The gold has been claimed in the local Olympics of Pandemic Folly.
A repeat drunken driver who works at Spokane’s coronavirus hot spot just put six city cops – and who knows how many others – at risk of contracting COVID-19. From the jail to his job at a Hillyard pasta factory to a crowded sedan full of fellow partiers, he has done his best to be our gold-medal super spreader, while giving the city an example in what not to do.
It may be rash, at this point, to go naming winners for pandemic folly. Neither the pandemic nor the folly is over. This guy, though, has made a strong case to be considered our Michael Phelps, winning in so many different lanes that he’s in a class by himself.
At least we should hope so.
He has outfollied those who crowded into bars last weekend and strolled unmasked through grocery stores. He has vanquished those who cherry-pick bad stats to argue that coronavirus is no biggie, or who make inane social media comparisons to automobile deaths.
He has trounced those who slyly point out that it’s only old people dying, after all, only sick, old people, and those who act as though there is no disease in rural areas, and those who share conspiracy theories online. Of course, he hasn’t defeated the president – whose atrocious stupidity on the virus will require minting an entirely new medal – but in the local heats, he’s tops.
You could, I suppose, make the case that the gold should go to the extremist-led hootenannies at the courthouse, where one woman waved a sign that read, “Liberals are raping the country.” Or you might make an argument for the North Spokane pastor with a toddler’s defiance, who congratulated his packed, maskless congregation for ignoring the emergency order of the “satanic” governor last weekend.
But we already knew not to expect social responsibility from those quarters.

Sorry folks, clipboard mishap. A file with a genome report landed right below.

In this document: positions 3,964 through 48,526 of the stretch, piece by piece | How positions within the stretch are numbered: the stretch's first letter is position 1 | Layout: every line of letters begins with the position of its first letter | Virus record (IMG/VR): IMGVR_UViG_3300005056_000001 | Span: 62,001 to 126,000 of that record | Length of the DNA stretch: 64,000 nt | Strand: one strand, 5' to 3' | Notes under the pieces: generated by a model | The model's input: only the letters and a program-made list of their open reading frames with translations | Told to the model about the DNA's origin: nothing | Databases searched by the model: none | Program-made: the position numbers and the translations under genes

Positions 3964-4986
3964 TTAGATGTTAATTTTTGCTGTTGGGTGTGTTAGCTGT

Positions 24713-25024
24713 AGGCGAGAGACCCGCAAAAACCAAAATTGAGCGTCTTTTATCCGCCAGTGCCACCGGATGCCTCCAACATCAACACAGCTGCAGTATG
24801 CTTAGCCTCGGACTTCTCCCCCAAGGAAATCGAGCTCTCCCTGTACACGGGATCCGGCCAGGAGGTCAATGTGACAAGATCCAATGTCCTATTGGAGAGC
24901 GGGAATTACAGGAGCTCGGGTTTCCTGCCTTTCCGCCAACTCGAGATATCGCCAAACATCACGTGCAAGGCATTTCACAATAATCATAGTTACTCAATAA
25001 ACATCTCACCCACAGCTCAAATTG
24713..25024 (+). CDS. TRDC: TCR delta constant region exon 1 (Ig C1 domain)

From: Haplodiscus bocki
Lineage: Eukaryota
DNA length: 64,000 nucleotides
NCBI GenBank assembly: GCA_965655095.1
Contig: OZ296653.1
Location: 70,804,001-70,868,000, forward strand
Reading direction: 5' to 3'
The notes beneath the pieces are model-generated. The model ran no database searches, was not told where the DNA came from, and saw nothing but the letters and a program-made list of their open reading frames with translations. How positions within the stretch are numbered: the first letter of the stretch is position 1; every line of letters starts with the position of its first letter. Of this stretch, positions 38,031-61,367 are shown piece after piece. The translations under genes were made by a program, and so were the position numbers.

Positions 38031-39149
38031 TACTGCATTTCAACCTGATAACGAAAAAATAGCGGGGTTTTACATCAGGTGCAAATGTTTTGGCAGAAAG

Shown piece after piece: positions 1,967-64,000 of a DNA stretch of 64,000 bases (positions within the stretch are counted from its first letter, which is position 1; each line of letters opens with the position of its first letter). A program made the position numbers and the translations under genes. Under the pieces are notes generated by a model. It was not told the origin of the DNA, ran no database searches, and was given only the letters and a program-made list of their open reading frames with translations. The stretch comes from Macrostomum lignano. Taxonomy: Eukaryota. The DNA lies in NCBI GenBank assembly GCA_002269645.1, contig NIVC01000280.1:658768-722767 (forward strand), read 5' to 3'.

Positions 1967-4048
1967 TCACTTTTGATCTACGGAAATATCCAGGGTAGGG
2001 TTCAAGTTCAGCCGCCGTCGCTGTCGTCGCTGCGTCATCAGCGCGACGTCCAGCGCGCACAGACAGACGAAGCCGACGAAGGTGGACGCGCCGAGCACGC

This guy, on the other hand, came out of nowhere to stun the field.
A real Cinderella story.
We’re at a moment where the foundation for our success against the coronavirus is shifting away from emergency edicts and onto the honor system. We’re reopening as our cases are rising in Spokane. Folly is the virus’s friend.
One selfish ignoramus could potentially infect six careful cops, fellow jail inmates and corrections officers, co-workers and by extension their social networks, and all his unknown fellow partiers, to say nothing of anyone else who might have crossed the path of his exhalations.
One hundred selfish ignoramuses screaming at others to take off their masks – as protesters did at the courthouse – can trump 1,000 considerate masked citizens. One thousand selfish ignoramuses who spread falsehoods online can undermine 100,000 people who know better than to believe such nonsense.
Even if most people do the right thing, the virus can win if enough do the wrong one.
It’s like an Electoral College for disease.
Mordecai L. Cochrane works at the Philadelphia Macaroni Co., the site of our largest outbreak of COVID-19 cases. Half the employees have tested positive there, as well as several others associated with the facility.
As such, Cochrane has been in contact with the best resources and the best safety recommendations available as the Spokane Regional Health District has responded. He’s ignoring them all. We should hope neither he nor anyone else he’s breathed on suffers the worst effects of this illness.
A 21-year-old who faces rape charges in Boundary County, Idaho, Cochrane was arrested by police May 20, after officers found him passed out at the wheel of a Toyota Avalon at Longfellow Avenue and Ash Street at 3:30 in the morning, police reported.
He spent 12 hours in jail. The following day he tested positive for COVID-19, and jail officials learned of his infection. The jail takes many precautions to protect staff and those being held, including quarantining cohorts of inmates depending on their booking dates, screening and isolating anyone with symptoms, and sanitizing and sterilizing with a vengeance, said Jared Webley, county spokesman.
This is the first known instance of an infected person being booked into the jail, which is running at about half-capacity since most low-level defendants who don’t pose a public safety risk are not being held.
Five days after Cochrane’s first DUI arrest, he was popped again – this time with six passengers in the Avalon, a sedan with a seating capacity of five.
Imagine the respiratory generosity inside that sedan.
Cochrane was not booked this time because of his COVID-19 status. He’s been ordered to quarantine himself, though his record of compliance thus far does not inspire confidence. Six officers are self-quarantined, and Cochrane’s jail roomie has been isolated, too. No word on the people packed into that sedan, or anyone else.
Not yet, at least.
We’ll have to hope for the best. In the Olympics of Pandemic Folly, results are sometimes slow to arrive.
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